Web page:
Keppra (Levetiracetam) is used to treat seizures (epilepsy). It belongs to a class of drugs known as anticonvulsants. Levetiracetam may decrease the number of seizures you have.
Take the liquid and regular-release tablets by mouth as directed by your doctor, usually twice daily with or without food. Crushing or chewing the tablet may cause a bitter taste.
If you are using the liquid form of this medication, carefully measure the dose using a special measuring device/spoon. Do not use a household spoon because you may not get the correct dose.
If you are using the extended-release tablets, take this medication as directed by your doctor, usually once daily. Do not crush or chew extended-release tablets. Doing so can release all of the drug at once, increasing the risk of side effects. Do not split tablets unless they have a score line and your doctor or pharmacist tells you to do so. Swallow the whole or split tablet without crushing or chewing.
The dosage is based on your medical condition and response to treatment. The dosage in children is also based on weight. To reduce your risk of side effects (such as dizziness and drowsiness), your doctor may direct you to start this medication at a low dose and gradually increase your dose. Follow your doctor's instructions carefully.
Use this medication regularly to get the most benefit from it. To help you remember, take it at the same time each day.
Do not increase your dose or use this drug more often or for longer than prescribed. Your condition will not improve any faster, and your risk of side effects will increase.
Do not stop taking this medication without consulting your doctor. Your seizures may become worse when the drug is suddenly stopped. Your dose should be gradually decreased.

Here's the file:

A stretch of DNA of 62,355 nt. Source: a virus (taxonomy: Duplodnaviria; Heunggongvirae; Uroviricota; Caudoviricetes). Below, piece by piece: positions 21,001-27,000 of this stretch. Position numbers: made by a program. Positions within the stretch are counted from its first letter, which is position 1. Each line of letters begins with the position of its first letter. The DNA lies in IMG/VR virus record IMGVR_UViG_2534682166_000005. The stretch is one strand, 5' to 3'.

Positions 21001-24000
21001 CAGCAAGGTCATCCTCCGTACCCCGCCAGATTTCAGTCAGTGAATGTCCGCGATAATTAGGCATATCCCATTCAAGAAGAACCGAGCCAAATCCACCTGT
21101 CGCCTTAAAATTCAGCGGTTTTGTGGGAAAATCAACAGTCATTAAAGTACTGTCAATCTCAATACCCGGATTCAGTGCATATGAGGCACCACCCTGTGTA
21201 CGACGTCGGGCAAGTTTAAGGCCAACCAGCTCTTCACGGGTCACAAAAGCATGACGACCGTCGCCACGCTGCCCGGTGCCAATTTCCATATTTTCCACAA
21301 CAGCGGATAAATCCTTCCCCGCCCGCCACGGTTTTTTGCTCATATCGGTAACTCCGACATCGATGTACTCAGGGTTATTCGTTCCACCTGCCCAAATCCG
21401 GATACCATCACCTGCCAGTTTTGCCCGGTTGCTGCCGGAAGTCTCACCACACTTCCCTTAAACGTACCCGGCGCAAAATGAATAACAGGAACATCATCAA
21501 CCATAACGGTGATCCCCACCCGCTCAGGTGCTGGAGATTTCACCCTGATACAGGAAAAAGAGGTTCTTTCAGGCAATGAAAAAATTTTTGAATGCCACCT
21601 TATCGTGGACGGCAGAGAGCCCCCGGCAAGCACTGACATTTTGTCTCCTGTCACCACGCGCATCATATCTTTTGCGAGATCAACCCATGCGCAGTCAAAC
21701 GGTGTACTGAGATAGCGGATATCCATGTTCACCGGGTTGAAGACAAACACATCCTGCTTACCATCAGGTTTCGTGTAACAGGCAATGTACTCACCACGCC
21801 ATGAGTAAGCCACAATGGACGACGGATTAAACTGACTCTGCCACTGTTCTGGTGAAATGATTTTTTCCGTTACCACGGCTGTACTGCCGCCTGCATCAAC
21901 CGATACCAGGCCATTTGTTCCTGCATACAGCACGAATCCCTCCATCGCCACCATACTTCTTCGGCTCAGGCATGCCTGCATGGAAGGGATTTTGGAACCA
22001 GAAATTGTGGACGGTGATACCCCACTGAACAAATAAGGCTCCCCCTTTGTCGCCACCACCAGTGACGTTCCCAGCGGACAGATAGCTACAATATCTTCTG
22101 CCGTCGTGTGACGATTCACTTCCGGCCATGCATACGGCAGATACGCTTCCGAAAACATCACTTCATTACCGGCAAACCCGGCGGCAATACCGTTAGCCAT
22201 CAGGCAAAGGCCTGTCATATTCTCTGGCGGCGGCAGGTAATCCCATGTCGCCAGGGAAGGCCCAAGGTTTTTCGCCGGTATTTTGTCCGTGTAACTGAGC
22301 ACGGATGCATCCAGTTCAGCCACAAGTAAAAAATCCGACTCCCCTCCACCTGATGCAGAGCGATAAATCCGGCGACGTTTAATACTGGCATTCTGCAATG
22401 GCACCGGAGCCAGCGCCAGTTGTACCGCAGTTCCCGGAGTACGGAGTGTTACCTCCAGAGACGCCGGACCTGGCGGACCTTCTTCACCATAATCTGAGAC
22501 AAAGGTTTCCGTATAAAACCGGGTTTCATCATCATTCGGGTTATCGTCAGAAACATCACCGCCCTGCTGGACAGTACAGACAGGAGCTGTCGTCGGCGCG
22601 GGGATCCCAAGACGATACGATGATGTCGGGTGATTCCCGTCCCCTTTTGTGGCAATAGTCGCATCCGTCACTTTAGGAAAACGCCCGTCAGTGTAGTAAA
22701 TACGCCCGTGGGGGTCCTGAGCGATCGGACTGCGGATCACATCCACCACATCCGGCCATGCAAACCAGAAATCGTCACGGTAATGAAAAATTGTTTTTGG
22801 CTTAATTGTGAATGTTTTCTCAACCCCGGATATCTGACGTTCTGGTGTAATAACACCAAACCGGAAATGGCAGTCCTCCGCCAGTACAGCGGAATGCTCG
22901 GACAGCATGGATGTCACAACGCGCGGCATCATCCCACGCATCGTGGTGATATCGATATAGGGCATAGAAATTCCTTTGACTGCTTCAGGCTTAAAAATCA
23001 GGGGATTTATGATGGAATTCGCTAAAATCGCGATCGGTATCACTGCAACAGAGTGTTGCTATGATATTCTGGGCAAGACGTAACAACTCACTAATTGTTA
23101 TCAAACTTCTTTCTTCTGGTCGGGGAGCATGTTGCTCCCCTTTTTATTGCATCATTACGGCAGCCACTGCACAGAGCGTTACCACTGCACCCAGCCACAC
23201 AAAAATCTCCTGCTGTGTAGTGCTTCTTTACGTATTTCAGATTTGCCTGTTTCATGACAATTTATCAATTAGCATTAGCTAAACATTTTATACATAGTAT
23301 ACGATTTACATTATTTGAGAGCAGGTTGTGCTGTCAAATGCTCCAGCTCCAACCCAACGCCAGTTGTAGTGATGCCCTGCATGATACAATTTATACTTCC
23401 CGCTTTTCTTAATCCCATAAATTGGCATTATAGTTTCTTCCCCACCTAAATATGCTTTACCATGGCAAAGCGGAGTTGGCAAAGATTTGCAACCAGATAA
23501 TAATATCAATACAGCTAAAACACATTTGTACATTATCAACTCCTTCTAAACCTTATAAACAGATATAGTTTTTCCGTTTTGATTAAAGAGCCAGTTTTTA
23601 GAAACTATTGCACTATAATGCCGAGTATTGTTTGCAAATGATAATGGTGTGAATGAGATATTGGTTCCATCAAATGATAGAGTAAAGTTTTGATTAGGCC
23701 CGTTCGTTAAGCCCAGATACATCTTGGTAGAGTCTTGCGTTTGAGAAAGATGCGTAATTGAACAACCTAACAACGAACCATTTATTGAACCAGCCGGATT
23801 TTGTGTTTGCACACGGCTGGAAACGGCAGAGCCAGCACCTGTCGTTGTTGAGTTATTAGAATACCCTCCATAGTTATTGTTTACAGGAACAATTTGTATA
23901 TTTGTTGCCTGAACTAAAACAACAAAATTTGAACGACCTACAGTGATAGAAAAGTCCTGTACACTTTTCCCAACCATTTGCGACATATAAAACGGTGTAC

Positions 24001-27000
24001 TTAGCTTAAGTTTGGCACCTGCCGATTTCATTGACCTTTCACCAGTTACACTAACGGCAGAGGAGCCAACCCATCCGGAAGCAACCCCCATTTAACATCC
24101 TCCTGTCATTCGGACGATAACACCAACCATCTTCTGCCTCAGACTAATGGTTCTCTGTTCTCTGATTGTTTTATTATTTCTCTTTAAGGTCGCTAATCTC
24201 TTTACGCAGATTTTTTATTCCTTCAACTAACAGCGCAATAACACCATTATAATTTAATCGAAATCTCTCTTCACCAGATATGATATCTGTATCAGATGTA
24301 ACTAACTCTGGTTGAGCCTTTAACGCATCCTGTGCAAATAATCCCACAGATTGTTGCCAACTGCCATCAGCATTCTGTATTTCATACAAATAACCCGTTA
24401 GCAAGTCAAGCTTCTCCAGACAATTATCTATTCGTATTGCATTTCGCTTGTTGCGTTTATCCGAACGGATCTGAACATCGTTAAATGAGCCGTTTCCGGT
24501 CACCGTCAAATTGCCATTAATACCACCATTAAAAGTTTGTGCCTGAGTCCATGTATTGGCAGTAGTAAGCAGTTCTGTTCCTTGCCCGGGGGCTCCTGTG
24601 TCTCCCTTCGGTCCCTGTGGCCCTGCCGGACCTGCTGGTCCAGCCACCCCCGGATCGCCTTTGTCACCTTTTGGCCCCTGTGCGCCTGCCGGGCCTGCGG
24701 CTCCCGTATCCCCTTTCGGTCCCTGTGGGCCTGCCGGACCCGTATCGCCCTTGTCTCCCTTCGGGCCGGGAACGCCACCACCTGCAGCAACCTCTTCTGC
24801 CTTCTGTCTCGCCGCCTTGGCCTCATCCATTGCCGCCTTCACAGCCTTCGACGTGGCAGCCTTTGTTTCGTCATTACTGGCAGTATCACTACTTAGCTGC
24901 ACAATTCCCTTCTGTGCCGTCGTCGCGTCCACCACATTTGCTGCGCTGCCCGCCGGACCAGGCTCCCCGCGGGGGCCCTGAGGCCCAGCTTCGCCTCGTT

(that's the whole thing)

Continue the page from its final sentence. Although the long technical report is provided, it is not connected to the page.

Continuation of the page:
Tell your doctor if your seizures last, change, or gets worse.
Before taking levetiracetam, tell your doctor or pharmacist if you are allergic to it; or if you have any other allergies. This product may contain inactive ingredients, which can cause allergic reactions or other problems. This drug may make you dizzy or drowsy, especially during the first month of treatment. Alcohol or marijuana (cannabis) can make you more dizzy or drowsy. Do not drive, use machinery, ride a bicycle, or do anything that needs alertness until you can do it safely. Limit alcoholic beverages. Talk to your doctor if you are using marijuana (cannabis).
Drowsiness, dizziness, unusual tiredness, or weakness may occur. These side effects are more common during the first 4 weeks and usually lessen as your body adjusts to the medication. If any of these effects last or get worse, tell your doctor or pharmacist promptly.
Tell your doctor right away if you have any serious side effects, such as:
- Loss of coordination (such as difficulty walking and controlling muscles)
- Mental/mood changes (such as irritability, aggression, agitation, anger, anxiety)
- Signs of infection (such as sore throat that doesn't go away, fever, chills)
- Signs of anemia (such as unusual tiredness that doesn't go away, pale skin, fast breathing, fast heartbeat)
- Easy bruising/bleeding.
Levetiracetam can commonly cause a rash that is usually not serious. However, you may not be able to tell it apart from a rare rash that could be a sign of a severe reaction. Tell your doctor right away if you develop any rash.
What if I miss a dose?
- If you miss a dose, take it as soon as you remember it. If it is almost time for the next dose, skip the missed dose and go back to your usual schedule.
- Avoid taking 2 doses at the same time or taking extra doses.
- Write down any missed doses in your seizure calendar. Share this with your health care provider at each visit.
Can Levetiracetam be taken with other medicines?
Sometimes one kind of medicine changes the way another kind of medicine works in the body. Taking levetiracetam does not seem to cause this kind of problem.
- Levetiracetam does not affect the level of other medicines in the body, and other medicines do not affect levetiracetam.